Originally published by Martina Fuchs at Xinhua News Agency on April 28, 2021.
GENEVA, April 28 (Xinhua) — China has been doing a good job in tackling the illegal trade of wildlife, the CEO of WildAid said, while the conservation group will continue to count on Chinese celebrity ambassadors to raise awareness about wildlife crime.
“The last few years, the Chinese government has done a number of things to really upgrade its approach to dealing with wildlife crime,” Peter Knights, CEO of WildAid, told Xinhua in a recent interview on the sidelines of Collision 2021, a virtual global technology conference.
Early last year, China banned the illegal trading of wildlife and eliminated the consumption of wild animals. The country also increased the oversight of illegal wildlife trade via e-commerce platforms.
It also imposed a total ban on ivory trading since 2018, a significant step in the global drive to protect the world’s elephant population.
Knights also praised China’s move to “give greater protection for the pangolin, uplisting the pangolins’ classification. And that’s very much needed because pangolins are threatened all over the world.”
China upgraded the protection of pangolins to the highest level last June as the species has long been under threat in the wild.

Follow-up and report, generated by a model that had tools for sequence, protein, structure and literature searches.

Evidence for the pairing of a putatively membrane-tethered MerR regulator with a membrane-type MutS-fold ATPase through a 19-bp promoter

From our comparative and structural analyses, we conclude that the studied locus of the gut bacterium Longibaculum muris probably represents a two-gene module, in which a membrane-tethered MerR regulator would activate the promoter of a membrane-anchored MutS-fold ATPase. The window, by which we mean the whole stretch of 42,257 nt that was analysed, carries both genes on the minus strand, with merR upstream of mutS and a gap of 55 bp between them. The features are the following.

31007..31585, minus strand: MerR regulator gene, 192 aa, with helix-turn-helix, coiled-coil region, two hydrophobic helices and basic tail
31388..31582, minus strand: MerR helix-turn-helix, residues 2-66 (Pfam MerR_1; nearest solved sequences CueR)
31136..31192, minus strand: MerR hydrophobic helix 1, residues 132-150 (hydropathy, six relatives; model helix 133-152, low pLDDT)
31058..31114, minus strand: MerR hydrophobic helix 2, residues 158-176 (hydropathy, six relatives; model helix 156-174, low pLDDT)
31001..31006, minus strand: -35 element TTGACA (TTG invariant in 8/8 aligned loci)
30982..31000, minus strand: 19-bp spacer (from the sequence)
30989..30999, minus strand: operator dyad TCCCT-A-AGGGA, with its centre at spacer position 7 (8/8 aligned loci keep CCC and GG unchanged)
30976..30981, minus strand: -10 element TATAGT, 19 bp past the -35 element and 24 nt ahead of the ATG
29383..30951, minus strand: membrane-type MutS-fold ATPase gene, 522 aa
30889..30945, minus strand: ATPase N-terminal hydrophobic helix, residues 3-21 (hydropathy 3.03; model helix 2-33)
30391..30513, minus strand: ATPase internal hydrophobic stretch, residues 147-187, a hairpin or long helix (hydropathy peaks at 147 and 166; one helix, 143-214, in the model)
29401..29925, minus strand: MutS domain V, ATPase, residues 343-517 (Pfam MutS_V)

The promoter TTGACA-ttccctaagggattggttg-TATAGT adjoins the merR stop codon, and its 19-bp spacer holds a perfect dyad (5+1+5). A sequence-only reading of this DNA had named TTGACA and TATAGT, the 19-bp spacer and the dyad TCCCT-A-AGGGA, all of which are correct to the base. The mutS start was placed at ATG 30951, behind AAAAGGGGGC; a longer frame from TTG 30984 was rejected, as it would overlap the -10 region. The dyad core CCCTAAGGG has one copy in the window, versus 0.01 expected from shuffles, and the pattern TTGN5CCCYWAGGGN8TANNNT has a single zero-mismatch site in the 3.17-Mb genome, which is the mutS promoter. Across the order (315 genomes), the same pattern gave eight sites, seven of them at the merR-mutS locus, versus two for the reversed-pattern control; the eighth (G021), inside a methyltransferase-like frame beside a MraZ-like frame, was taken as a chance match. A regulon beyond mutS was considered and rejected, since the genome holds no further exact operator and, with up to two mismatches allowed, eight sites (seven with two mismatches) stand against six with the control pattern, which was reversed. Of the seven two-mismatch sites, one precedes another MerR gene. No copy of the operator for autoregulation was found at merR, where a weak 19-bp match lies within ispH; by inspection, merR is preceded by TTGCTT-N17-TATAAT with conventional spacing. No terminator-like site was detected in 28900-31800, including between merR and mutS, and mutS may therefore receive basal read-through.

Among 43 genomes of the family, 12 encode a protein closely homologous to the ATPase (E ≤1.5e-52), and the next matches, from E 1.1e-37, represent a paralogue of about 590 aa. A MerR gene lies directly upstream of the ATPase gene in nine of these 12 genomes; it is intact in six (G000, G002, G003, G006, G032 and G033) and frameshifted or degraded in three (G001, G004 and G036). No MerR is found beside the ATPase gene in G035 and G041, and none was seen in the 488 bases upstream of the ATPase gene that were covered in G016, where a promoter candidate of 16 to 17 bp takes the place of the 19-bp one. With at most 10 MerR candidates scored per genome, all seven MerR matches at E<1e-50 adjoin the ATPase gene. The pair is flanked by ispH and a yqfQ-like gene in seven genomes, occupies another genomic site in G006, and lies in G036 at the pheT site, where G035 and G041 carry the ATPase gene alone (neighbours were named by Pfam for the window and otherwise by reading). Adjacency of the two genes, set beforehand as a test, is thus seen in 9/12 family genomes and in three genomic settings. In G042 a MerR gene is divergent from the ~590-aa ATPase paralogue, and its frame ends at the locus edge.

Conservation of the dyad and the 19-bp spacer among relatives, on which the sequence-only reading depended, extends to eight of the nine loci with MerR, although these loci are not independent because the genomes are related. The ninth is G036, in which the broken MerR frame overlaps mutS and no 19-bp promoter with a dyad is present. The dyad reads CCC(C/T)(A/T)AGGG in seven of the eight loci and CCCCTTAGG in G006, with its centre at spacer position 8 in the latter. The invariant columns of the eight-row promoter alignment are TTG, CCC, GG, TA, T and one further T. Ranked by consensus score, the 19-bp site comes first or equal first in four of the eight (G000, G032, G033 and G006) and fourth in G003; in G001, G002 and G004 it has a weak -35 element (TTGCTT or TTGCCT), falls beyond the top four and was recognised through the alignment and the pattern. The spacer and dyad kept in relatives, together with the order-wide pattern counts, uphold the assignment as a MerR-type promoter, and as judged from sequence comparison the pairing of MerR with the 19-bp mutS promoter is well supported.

WildAid is a non-profit organization with the mission to end the illegal wildlife trade. It primarily works to reduce global consumption of wildlife products such as elephant ivory, rhino horn and shark fin soup.
Headquartered in San Francisco, WildAid’s programs span across Africa and Asia, and persuade consumers not to buy illegal or unsustainable wildlife products, and to make sustainable transportation and food choices to help mitigate climate change.
Despite progresses, the fight against illegal wildlife trade and crime is far from over, Knights stressed.
“We obviously need to do more. Part of it is education, which is what we have been doing to reach out to the public so they understand why it’s important not to consume wildlife, not just for the endangerment of the animals but also for health reasons as well,” he said.
“We need more of that education to go with the law enforcement efforts that are going on,” Knights added.
Stay in touch and get the latest WildAid updates.SIGN UP
WildAid is a non-profit organization with a mission to protect wildlife from illegal trade and other imminent threats. While most wildlife conservation groups focus on protecting animals from poaching, WildAid primarily works to reduce global consumption of wildlife products such as elephant ivory, rhino horn and shark fin soup. With an unrivaled portfolio of celebrity ambassadors and a global network of media partners, WildAid leverages more than $308 million in annual pro-bono media support with a simple message: When the Buying Stops, the Killing Can Too.
Journalists on deadline may email email@example.com